PITTSBURG, Kan. — The vote felt like a blow to Suzan Emmons.

Kansas came close this week — achingly close — to expanding Medicaid to extend health insurance to low-income adults like her. The Republican-dominated Legislature had passed the bill and supporters vowed to override the governor’s veto. But on Monday, the House fell three votes short.

“I’m very angry. It’s almost hurtful,” said Emmons, 56, who makes just under $13,000 a year cleaning houses and can’t afford insurance on her own. “They don’t realize I’m not looking for something given to me. They think it’s just a bunch of bums on welfare looking for a handout. It’s not. It’s working people.”

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The failed veto override also crushed hospital executives and community clinic directors who had hoped against hope for a Medicaid expansion, which would have brought in a flood of federal dollars to help pay for the care they now often deliver for free. The expansion would have covered an estimated 150,000 Kansans.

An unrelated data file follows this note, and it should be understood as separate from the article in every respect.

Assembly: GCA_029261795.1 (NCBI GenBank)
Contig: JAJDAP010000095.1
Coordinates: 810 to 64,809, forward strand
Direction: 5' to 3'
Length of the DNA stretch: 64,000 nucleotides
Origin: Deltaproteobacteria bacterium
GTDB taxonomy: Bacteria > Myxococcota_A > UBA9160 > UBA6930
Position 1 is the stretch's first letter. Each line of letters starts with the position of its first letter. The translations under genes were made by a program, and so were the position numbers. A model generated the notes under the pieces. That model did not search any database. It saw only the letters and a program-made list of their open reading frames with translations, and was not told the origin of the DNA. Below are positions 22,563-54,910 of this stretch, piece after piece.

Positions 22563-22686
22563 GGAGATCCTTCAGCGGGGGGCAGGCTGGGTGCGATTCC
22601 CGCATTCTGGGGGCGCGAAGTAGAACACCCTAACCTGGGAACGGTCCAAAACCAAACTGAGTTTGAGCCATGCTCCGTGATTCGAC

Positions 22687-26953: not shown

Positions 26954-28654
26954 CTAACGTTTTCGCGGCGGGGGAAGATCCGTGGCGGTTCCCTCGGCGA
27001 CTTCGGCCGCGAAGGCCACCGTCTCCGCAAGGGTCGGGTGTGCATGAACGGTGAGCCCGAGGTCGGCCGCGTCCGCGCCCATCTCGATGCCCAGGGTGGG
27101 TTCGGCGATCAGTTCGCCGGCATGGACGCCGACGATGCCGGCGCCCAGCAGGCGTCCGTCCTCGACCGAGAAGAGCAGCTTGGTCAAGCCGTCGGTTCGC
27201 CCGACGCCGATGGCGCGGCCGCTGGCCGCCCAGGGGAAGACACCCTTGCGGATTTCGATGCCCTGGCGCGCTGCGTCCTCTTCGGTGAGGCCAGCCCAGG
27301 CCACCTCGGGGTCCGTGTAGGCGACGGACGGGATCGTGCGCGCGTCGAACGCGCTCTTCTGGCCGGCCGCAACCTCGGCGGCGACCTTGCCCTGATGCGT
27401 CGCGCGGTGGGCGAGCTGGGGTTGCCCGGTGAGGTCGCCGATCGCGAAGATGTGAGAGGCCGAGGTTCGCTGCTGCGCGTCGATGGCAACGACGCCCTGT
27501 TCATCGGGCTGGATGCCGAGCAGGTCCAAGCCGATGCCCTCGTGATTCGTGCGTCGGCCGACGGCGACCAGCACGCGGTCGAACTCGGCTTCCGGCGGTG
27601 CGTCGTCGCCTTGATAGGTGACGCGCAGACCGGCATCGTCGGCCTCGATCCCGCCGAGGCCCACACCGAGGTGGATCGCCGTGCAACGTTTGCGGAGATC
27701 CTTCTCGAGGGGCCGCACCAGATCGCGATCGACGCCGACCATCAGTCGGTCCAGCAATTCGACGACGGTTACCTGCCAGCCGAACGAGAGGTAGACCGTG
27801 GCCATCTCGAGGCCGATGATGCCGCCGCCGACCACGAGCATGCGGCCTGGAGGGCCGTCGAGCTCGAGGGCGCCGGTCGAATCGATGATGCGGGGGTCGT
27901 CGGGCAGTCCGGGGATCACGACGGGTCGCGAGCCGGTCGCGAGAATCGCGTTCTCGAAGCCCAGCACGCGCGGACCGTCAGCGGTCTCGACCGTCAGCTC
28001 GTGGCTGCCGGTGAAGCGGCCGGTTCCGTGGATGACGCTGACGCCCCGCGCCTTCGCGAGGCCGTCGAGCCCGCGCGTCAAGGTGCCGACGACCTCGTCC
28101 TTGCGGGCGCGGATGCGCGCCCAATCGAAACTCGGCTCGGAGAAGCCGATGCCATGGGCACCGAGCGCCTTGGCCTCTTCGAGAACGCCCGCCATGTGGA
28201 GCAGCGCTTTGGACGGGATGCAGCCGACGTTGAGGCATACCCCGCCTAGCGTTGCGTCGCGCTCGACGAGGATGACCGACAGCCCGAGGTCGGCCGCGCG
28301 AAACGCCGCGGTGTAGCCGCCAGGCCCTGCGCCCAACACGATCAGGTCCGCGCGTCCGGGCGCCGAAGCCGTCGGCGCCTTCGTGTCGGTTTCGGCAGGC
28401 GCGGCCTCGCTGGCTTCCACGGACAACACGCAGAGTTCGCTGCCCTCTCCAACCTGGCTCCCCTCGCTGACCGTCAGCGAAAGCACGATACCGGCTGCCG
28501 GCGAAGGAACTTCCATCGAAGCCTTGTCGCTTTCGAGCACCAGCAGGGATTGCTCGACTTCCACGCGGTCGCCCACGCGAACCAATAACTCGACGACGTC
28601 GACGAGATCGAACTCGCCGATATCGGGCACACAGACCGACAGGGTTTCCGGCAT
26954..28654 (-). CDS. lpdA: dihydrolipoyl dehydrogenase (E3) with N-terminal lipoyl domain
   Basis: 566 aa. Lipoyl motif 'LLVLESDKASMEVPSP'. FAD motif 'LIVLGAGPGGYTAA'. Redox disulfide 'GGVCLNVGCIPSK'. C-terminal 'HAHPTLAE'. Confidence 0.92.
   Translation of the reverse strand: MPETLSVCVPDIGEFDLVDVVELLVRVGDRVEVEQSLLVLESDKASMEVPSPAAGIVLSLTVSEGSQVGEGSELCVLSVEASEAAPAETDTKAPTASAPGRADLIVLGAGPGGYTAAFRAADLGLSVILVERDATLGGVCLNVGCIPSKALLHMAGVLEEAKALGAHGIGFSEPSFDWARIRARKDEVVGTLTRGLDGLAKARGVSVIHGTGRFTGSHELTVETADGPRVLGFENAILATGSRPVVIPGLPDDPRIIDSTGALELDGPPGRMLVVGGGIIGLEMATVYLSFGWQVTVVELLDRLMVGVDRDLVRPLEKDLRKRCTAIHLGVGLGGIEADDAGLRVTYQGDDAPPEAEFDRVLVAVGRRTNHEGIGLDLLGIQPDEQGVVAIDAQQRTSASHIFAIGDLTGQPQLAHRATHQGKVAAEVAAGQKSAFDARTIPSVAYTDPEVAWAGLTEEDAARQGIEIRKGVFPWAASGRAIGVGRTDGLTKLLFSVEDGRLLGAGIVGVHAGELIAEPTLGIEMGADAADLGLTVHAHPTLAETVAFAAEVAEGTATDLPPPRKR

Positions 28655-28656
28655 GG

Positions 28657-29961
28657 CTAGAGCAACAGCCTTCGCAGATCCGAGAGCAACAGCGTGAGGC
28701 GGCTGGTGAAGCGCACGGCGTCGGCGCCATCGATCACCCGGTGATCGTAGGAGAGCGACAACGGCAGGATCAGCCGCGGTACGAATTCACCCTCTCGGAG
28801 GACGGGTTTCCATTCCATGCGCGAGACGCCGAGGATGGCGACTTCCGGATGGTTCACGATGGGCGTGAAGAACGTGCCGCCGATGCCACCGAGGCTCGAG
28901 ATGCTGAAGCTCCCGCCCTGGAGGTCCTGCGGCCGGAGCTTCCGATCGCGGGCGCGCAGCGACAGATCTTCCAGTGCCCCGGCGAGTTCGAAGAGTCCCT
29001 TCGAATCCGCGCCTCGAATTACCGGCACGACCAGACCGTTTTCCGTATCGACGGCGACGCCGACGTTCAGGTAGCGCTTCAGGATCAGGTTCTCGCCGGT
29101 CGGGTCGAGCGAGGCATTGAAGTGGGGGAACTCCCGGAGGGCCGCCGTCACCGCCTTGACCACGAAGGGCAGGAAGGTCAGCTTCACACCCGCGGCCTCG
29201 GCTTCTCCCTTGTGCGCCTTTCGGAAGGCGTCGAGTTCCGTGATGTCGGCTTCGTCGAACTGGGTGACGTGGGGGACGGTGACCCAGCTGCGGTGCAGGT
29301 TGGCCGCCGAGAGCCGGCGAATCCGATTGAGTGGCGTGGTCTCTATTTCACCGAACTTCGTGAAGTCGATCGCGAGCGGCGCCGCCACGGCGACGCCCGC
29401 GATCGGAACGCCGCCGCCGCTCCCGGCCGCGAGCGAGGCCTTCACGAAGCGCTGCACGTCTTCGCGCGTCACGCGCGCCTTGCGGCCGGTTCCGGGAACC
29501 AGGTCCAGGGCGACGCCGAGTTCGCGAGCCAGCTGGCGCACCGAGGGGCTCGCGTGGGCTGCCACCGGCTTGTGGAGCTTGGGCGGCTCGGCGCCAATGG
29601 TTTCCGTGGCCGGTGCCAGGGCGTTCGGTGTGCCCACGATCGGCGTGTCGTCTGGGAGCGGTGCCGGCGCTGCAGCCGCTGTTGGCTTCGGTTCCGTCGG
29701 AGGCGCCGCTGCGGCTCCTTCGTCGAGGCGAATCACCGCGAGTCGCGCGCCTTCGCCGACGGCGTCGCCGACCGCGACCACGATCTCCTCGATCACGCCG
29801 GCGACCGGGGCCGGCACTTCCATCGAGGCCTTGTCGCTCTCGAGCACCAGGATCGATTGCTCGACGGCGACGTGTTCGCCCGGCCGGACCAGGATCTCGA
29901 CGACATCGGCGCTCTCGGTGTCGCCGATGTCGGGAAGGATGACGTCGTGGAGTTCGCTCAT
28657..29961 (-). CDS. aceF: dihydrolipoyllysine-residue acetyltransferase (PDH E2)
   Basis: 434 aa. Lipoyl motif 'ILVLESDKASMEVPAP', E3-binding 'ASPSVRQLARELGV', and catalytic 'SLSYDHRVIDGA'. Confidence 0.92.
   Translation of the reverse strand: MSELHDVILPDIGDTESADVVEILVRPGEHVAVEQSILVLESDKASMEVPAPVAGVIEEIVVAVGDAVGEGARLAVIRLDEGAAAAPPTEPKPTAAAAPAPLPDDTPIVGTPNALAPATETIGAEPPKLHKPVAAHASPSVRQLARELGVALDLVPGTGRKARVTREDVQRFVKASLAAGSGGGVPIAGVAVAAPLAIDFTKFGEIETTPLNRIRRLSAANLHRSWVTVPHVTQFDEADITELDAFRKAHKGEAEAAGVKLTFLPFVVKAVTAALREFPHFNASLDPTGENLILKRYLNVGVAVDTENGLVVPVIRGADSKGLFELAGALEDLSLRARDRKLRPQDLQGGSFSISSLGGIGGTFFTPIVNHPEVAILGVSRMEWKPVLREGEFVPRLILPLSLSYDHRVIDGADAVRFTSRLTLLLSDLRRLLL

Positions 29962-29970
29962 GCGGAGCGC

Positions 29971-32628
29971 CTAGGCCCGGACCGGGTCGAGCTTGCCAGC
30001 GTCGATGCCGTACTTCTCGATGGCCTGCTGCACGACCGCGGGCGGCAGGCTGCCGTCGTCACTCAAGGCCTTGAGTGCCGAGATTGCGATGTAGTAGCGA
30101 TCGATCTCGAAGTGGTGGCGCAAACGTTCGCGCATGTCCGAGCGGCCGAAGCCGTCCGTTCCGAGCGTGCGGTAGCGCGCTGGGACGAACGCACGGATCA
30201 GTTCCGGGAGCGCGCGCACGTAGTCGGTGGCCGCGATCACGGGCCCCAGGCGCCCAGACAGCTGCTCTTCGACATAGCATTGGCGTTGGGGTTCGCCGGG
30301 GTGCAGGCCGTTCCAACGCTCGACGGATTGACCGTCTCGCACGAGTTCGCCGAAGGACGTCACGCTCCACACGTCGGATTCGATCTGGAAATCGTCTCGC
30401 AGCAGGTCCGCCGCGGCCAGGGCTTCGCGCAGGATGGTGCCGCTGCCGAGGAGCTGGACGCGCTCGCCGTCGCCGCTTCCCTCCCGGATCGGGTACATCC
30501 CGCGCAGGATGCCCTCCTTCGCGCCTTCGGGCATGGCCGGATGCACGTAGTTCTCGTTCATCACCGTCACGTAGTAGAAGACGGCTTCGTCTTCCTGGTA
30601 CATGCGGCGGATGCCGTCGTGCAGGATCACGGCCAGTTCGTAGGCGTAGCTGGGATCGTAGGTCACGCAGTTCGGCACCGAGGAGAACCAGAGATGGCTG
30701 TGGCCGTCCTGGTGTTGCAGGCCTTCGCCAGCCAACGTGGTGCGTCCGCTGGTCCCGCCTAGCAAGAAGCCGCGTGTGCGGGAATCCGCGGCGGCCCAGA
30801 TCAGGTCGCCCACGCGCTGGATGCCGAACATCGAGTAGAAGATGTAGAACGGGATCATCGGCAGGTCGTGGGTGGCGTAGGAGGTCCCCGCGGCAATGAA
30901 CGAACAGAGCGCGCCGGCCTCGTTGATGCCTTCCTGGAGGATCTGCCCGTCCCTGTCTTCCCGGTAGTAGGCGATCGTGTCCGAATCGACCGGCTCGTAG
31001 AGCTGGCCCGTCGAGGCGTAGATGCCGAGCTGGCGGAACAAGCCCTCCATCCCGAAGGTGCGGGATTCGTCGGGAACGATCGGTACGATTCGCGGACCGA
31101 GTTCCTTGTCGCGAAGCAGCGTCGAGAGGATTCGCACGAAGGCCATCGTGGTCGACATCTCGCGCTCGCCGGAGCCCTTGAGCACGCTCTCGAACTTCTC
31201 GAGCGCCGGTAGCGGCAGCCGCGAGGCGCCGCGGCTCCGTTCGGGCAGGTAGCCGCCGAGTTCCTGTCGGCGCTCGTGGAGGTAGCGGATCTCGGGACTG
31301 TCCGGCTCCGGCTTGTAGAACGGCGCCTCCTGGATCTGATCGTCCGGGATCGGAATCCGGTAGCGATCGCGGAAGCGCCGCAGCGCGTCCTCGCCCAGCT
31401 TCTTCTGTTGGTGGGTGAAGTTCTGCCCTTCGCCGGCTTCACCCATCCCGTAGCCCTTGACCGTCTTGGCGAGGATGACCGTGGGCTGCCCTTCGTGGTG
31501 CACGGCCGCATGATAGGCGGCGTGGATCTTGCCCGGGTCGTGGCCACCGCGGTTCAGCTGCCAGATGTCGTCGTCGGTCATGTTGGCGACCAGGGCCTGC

Activists, including the Kansas Hospital Association, promised to keep fighting.

“We’re not ready to give up yet,” said Sheldon Weisgrau, director of the Health Reform Resource Project, which has been pressing for expansion. “It’s not over until the gavel falls at the end of the legislative session” next month.

“I find it hard to believe all that momentum will die,” said state Representative Monica Murnan, a Democrat from this small town in southeast Kansas. “It will come back in another fashion.”